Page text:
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Phones are more powerful and complicated than ever, but while your 1990s handset came with a detailed instruction booklet, today's top-of-the-range smartphone expects you to work it all out for yourself. Michael Passingham laments the demise of the printed manual
Many children of the 70s, 80s and 90s will fondly recall the days when every game you bought came with a 50-page instruction manual detailing every element of the backstory, controls and onscreen display. Some even came with blank pages for you to write notes. All this made for great reading on the way home from the game shop, but I have to admit that nowadays such printed manuals are a waste of space, which is why most current games simply come with a slim pamphlet telling you to visit the website for more information.
As far as games are concerned, this makes sense. The first 20 minutes are usually an extended tutorial anyway. Where the lack of a manual doesn't make sense is with modern consumer technology. It's more complex than ever, in case you hadn't noticed, and it's a bit much to expect people to work out iOS, Android or Windows Phone from scratch when even a Nokia 3210 came with a decent manual back in 1998.
Tech firms seem to skew all their efforts towards the younger markets but completely fail the older generations who didn't grow up in a world dominated by swiping on touchscreens and sliding through Facebook.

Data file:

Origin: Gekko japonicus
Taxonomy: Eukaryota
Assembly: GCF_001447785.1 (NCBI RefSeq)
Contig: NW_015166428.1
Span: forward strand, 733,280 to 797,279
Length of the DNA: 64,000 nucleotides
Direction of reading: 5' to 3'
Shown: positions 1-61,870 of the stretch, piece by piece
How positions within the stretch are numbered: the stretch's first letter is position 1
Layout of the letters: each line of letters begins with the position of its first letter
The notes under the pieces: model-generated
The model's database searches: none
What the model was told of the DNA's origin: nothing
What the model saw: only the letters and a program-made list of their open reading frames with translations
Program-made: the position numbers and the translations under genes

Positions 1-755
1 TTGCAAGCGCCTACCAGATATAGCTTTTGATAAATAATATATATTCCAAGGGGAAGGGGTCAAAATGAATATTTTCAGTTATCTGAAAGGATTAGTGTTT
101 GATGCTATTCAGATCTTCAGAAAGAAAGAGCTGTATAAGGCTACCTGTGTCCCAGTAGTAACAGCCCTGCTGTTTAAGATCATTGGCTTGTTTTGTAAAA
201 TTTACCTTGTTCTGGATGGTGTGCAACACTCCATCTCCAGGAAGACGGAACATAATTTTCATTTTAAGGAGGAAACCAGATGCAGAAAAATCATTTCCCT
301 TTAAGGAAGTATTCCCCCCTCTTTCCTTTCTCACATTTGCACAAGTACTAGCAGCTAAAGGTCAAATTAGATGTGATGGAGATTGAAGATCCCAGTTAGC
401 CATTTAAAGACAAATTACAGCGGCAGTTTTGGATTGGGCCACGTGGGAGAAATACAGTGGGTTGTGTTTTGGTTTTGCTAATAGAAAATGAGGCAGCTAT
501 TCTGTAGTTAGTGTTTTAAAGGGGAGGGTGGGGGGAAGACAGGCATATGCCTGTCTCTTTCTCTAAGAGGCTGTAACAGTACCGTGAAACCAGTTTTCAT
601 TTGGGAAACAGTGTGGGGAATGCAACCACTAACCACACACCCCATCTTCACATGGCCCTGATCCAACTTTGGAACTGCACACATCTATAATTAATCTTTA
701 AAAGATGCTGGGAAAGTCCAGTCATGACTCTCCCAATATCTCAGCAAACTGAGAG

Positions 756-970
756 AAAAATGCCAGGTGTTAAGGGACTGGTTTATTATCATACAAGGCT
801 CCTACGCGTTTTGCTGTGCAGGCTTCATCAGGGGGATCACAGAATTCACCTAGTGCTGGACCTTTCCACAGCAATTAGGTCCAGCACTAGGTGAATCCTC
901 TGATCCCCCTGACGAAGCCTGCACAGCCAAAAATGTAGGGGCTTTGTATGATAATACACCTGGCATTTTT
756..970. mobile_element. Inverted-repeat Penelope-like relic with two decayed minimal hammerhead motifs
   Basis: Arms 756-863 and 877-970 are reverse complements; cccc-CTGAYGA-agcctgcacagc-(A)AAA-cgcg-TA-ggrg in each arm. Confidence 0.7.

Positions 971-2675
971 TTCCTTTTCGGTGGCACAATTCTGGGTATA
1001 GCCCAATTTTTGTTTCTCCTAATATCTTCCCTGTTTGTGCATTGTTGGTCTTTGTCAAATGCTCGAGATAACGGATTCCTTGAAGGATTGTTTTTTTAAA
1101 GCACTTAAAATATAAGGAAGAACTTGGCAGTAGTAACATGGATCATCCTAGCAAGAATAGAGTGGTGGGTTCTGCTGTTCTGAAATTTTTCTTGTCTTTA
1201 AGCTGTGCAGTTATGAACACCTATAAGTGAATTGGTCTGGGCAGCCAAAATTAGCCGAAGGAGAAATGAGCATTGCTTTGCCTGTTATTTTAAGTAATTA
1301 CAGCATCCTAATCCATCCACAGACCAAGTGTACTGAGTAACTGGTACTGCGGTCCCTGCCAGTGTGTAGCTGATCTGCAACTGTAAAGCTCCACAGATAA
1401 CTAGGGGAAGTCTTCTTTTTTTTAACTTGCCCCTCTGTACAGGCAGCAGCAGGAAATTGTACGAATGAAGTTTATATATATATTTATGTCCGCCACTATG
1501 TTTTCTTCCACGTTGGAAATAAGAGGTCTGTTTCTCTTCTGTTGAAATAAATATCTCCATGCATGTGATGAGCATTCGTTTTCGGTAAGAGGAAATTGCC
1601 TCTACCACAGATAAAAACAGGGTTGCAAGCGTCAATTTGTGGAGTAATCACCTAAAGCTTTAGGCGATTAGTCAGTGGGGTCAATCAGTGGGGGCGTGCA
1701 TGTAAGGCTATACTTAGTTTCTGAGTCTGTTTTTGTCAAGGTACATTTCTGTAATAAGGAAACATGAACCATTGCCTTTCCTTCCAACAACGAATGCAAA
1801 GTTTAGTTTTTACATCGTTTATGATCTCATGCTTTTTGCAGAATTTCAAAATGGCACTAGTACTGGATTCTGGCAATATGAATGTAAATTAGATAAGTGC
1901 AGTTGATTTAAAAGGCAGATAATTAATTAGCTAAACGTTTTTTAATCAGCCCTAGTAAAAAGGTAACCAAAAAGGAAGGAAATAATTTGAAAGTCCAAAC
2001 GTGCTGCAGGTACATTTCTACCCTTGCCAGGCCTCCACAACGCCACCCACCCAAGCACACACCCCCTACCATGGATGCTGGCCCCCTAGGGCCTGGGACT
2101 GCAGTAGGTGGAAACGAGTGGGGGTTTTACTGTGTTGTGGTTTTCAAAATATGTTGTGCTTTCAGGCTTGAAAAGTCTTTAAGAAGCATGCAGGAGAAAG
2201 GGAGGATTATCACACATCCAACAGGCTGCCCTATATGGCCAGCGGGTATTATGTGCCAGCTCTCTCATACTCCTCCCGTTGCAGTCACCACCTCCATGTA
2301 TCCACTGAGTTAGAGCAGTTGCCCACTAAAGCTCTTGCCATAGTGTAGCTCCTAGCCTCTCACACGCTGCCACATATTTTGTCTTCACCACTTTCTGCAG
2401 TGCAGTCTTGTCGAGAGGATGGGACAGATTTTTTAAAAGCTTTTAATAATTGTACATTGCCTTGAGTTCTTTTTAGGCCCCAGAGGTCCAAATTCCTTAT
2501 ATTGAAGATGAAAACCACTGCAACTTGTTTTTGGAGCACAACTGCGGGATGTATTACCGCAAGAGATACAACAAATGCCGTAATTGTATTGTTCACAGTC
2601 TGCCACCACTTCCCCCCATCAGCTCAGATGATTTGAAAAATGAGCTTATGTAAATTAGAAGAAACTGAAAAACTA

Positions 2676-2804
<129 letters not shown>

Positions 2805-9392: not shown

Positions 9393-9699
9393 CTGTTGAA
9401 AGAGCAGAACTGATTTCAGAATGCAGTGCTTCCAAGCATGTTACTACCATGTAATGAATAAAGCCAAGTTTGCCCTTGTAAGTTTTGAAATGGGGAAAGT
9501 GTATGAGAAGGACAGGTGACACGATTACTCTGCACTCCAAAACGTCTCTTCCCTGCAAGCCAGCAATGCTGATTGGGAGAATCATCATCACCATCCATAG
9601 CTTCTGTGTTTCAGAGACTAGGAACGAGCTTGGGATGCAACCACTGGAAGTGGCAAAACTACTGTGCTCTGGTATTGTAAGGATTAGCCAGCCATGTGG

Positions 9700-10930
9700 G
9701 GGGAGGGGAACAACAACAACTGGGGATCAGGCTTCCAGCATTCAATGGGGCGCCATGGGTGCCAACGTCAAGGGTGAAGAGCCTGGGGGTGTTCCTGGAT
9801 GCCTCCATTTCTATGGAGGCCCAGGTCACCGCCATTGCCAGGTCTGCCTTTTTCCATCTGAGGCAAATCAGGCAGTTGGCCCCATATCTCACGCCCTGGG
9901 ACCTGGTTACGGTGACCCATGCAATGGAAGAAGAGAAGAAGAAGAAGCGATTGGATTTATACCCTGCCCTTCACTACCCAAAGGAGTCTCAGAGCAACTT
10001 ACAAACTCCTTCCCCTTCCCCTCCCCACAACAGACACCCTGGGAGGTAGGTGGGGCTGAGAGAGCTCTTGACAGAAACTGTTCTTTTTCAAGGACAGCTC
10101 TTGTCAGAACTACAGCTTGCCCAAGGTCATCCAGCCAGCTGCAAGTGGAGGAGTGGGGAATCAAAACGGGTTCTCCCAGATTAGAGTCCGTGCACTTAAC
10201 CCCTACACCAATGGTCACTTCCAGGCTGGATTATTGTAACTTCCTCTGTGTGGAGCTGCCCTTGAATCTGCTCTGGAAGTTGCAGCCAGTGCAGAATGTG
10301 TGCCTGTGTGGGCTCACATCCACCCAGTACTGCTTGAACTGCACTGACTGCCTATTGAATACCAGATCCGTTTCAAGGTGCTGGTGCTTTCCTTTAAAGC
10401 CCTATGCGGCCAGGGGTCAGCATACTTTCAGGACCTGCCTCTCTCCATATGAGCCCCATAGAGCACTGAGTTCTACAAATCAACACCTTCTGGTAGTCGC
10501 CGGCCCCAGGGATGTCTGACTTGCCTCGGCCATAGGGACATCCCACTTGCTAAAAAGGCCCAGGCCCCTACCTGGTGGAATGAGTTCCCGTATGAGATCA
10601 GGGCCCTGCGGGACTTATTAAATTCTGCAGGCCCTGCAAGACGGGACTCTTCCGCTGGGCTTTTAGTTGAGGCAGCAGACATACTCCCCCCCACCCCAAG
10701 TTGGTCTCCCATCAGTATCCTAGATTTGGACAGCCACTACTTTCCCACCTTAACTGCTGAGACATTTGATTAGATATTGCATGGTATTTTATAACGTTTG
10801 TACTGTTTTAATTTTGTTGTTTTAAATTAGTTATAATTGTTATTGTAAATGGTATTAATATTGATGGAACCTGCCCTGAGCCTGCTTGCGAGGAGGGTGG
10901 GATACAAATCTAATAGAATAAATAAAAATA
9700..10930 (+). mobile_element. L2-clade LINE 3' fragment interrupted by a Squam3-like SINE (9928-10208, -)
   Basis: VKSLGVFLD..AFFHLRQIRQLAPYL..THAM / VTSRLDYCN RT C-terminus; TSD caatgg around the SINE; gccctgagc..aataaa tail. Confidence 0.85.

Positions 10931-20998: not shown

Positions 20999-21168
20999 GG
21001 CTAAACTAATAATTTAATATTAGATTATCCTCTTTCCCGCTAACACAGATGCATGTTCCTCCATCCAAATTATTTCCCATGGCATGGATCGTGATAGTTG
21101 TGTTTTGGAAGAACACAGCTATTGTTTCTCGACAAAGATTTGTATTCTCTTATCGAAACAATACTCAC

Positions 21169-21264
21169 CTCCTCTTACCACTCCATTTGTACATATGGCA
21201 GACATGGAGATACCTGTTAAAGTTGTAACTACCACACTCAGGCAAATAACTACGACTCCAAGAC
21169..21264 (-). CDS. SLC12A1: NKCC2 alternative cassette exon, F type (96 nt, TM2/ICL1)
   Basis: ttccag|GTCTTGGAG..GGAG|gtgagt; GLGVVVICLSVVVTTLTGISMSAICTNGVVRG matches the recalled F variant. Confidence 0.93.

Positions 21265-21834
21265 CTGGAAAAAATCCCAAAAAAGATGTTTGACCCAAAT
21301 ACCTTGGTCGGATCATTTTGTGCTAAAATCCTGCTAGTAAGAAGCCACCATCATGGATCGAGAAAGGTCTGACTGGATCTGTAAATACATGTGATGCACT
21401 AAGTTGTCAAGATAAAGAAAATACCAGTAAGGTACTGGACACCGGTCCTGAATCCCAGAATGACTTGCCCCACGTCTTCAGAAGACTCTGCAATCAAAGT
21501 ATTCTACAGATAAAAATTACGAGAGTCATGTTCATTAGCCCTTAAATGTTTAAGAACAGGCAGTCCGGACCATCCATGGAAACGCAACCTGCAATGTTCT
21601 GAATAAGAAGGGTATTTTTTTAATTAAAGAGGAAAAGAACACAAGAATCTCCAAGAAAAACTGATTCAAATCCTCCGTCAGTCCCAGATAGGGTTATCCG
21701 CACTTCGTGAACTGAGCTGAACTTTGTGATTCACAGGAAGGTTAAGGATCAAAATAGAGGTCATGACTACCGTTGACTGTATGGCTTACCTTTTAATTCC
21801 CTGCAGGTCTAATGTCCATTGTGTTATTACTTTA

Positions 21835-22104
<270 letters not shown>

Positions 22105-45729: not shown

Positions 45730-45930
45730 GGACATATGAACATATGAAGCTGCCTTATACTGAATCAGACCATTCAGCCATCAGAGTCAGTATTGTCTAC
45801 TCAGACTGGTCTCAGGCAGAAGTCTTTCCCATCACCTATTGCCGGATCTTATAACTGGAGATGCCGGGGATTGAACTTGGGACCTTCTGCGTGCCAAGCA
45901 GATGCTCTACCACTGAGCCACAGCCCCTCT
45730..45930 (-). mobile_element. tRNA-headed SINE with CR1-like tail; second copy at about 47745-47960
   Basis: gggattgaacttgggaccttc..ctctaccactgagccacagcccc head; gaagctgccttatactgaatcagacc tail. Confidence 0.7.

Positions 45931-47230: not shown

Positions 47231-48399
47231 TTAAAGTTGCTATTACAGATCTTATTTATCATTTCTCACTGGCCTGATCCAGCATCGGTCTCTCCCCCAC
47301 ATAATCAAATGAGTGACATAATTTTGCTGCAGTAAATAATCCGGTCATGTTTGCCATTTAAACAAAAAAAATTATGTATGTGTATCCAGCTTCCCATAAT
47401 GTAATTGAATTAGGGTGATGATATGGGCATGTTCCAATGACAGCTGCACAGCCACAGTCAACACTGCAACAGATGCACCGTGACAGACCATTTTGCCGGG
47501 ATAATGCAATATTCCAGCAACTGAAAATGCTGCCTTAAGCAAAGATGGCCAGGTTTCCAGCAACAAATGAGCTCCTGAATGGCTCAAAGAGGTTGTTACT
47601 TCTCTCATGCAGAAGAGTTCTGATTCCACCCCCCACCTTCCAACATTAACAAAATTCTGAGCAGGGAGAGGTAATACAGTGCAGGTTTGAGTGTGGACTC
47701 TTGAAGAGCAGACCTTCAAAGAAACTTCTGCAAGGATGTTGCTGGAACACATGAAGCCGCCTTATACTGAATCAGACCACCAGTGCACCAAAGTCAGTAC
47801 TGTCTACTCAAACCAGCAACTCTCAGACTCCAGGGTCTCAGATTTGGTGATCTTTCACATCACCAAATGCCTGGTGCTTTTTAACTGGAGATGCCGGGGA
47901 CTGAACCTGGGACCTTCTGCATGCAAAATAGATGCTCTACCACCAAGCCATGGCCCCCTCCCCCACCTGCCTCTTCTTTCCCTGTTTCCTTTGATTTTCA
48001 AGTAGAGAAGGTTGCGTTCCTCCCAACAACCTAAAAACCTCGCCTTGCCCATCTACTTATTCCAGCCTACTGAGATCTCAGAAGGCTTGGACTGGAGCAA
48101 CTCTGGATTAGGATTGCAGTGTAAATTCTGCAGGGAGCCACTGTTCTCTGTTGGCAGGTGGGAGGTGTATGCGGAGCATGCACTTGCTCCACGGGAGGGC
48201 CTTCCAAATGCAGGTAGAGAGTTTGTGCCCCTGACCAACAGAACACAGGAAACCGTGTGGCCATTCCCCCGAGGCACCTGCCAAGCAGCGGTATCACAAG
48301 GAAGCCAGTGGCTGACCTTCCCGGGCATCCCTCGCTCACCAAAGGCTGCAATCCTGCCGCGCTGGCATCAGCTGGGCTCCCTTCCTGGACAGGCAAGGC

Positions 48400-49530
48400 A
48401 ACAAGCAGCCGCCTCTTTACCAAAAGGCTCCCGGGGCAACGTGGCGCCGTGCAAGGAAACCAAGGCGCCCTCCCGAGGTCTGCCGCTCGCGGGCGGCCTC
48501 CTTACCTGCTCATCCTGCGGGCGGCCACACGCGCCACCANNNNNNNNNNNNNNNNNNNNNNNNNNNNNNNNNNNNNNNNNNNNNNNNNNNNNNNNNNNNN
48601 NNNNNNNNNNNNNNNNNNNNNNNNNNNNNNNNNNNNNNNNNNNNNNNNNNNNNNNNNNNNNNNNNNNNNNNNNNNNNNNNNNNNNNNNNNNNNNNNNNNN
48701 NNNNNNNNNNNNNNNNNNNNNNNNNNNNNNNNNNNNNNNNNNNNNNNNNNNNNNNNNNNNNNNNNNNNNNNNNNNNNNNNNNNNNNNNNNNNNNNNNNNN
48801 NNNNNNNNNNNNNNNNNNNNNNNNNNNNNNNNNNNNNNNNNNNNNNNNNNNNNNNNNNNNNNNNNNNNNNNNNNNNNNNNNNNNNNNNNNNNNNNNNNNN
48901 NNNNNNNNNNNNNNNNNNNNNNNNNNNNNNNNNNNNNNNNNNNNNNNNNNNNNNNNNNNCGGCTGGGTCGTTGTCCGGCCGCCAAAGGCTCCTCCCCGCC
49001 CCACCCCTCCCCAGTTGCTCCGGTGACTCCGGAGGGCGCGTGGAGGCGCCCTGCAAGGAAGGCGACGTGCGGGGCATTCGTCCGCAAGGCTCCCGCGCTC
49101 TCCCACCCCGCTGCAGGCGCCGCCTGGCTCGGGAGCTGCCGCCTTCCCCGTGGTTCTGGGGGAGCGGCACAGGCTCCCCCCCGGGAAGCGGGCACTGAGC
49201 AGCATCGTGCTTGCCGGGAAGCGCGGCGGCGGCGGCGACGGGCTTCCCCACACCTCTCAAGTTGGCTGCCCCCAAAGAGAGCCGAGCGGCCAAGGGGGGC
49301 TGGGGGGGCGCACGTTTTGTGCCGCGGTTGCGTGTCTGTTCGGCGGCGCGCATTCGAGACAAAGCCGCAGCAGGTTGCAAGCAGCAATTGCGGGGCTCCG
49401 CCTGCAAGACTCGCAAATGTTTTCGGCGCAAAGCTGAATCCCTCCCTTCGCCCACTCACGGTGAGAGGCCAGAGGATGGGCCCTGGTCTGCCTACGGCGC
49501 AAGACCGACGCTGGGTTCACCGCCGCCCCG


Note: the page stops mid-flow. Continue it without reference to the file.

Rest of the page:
This problem was starkly illustrated at Christmas when I gave my 63-year-old mother an Android-powered Samsung smartphone. What little paper there was in the box gave almost no information about how to use the phone effectively. This put her off owning a smartphone, and it was only because I was chez parents for a week that I was able to guide her through those terrifying first few days as she got to grips with a pocket computer entirely from scratch.
My mum wasn't even trying to do anything advanced. One feature unique to Samsung phones is the way in which you answer an incoming call. You have to place your thumb within the green telephone symbol and slide it out until the phone is answered. Of course, the first time my dear sweet mother received a call on her device was when she was out and about, without me there to explain to her what was going on. An on-screen animation perhaps suggests you have to slide your thumb but to someone not familiar with sliding gestures, this means nothing. There were plenty of missed calls that day - a situation which a simple green answer button would probably have avoided. There are even companies that specialise in producing third-party gadget manuals; O'Reilly's Missing Manuals range is probably the most famous, but I feel that this is the kind of information manufacturers should be providing in the first place.
Anti-virus firm AVG recently published a study that found 54 per cent of people over 50 in the UK felt tech companies spent too much time assuming they were technology-illiterate, with 48 per cent of the group feeling that "they get talked down to". I'd much rather get talked down to than have no idea how to use my phone for weeks on end, though. For the sake of my mother and everyone like her, give us the manuals we deserve.
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